It shows just how hell-bound society is when every movie depicting the future shows overly populated, dilapidated, crime-ridden cities that, unfortunately, don’t seem too far removed from some of today’s areas. Our dystopian future is once again shown in the same light (darkness?) in the second film based on the comic book character, Judge Dredd. Dredd’s a bad-ass cop that has the power to jury, judge and execute criminals in the name of justice.

The film’s premise is very simple. On a day that Dredd is training rookie cop Anderson (Olivia Thirlby), a young woman who has the power of telepathy, they are locked inside a giant building during a routine murder investigation. The building is run by Ma-ma (Lena Headey from Game of Thrones), a ruthless criminal who is manufacturing a new drug called Slo-Mo, which, true to its name, makes you feel as though time is moving at a fraction of normal speed. Gun fire ensues.

Those that remember Sylvester Stallone’s 1995 failure will be pleased to see a more straight-forward shoot-’em-up action flick with this adaptation. If you caught last year’s Indonesian action flick The Raid, then the plot here is going to feel like a déjà vu – albeit not as jaw-droppingly impressive. What we have here is essentially one giant shoot out with a tiny bit of character development and a whole lot of people getting killed. Director Pete Travis (Vantage Point) directs the action well. There isn’t a shred of subtlety or great dialogue to be found amongst the scattered corpses… but this isn’t the kind of film you’d expect to find any. It’s an unashamedly graphic action movie that will definitely keep its target audience happy.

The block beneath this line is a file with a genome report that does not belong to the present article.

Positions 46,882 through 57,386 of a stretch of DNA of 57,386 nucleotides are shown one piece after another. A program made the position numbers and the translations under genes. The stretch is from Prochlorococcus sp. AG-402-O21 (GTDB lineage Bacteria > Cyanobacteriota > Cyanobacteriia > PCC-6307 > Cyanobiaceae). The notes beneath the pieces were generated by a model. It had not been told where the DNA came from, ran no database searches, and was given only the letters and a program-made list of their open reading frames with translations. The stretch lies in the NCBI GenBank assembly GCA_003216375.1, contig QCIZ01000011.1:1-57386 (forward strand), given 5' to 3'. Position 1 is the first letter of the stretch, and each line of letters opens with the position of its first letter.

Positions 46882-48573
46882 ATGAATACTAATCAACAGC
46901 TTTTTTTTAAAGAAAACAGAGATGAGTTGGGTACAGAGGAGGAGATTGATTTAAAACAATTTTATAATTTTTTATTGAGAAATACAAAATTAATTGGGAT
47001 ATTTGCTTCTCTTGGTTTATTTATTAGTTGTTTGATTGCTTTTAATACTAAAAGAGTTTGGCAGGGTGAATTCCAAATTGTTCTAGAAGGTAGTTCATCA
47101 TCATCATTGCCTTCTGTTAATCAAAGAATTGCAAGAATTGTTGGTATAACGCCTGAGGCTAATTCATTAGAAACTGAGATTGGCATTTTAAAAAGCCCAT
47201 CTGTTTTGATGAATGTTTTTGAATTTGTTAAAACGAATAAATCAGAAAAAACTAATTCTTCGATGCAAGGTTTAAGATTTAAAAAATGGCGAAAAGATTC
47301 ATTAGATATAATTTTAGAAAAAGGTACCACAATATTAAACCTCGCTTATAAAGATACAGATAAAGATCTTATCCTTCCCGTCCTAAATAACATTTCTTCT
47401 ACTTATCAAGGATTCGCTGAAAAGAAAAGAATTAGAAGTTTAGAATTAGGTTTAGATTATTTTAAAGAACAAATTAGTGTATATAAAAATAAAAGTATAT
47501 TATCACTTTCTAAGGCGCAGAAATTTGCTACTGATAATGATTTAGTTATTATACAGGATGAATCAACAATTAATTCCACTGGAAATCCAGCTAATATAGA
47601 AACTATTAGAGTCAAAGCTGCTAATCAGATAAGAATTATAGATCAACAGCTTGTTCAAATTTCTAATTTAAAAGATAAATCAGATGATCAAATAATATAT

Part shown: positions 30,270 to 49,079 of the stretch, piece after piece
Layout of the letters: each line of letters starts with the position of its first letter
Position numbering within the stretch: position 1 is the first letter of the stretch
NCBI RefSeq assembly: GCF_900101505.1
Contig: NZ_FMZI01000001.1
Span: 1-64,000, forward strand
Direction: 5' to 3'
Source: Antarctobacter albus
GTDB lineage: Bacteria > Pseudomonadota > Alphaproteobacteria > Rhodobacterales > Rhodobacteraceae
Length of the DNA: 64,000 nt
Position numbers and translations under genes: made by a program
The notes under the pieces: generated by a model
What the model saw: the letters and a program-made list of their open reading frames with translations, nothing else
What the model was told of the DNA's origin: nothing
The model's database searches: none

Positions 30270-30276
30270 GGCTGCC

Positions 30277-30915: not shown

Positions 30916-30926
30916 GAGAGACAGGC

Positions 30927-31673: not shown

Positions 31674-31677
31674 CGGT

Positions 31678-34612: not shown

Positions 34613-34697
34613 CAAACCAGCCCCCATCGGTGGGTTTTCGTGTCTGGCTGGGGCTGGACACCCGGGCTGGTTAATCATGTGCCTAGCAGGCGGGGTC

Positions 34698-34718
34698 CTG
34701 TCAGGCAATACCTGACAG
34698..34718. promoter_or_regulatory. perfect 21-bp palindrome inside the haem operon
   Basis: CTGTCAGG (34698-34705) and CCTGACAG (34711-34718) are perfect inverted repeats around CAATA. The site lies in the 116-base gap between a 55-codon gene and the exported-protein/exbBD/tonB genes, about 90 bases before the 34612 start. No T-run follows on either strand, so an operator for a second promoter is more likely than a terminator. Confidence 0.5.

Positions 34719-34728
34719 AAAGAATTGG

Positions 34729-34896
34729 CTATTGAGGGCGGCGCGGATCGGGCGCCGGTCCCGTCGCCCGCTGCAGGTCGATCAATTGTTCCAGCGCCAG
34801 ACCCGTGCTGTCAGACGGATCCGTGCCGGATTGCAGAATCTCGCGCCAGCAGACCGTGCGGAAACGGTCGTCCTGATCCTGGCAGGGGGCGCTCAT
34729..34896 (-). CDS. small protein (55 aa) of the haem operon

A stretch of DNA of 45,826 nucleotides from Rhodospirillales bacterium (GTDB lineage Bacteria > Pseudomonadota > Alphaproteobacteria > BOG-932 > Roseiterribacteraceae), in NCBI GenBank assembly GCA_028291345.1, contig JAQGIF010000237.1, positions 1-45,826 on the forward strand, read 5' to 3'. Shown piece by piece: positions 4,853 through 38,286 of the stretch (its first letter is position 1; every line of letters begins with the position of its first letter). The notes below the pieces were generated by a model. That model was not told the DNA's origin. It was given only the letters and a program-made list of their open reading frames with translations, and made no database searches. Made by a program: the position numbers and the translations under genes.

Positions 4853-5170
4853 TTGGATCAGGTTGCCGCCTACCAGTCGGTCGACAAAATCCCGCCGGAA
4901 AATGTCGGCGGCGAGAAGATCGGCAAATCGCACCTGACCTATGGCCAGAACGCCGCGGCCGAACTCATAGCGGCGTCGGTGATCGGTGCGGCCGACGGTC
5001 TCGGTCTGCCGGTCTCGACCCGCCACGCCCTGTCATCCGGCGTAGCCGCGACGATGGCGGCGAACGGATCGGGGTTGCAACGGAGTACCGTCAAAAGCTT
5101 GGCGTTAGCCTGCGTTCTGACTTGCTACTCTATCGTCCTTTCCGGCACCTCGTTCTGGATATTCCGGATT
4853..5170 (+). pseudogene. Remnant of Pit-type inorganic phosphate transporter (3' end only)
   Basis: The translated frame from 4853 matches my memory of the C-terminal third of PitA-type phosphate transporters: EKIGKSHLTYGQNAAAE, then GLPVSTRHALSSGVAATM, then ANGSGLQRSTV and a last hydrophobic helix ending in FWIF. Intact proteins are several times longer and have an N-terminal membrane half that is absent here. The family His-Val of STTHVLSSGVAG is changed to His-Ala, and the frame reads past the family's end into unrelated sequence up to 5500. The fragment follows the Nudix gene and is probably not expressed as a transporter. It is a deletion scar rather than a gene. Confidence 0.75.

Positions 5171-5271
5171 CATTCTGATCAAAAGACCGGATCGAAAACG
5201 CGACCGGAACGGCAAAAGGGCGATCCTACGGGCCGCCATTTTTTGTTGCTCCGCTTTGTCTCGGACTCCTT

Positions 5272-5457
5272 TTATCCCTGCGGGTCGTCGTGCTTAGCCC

A problem with the film is that the action, while being well staged and well filmed, gets a little stale once the first handful of set pieces have played out. After a while, the lack of originality becomes a bit of an issue. How many different ways can you see someone get shot? This film tries hard to find out.

Repetition aside, there is fun to be had here. Karl Urban is good as Dredd and Lena Headey embraces her character’s king bitch persona with gusto. The scenes depicting what it’s like to be on Slo-Mo are undeniably effective, and the 3D – if you so happened to catch it like that – works well with the over-the-top action on display. Switch your brain off and embrace some good ol’ fashioned goon slaughtering. Just don’t expect much else.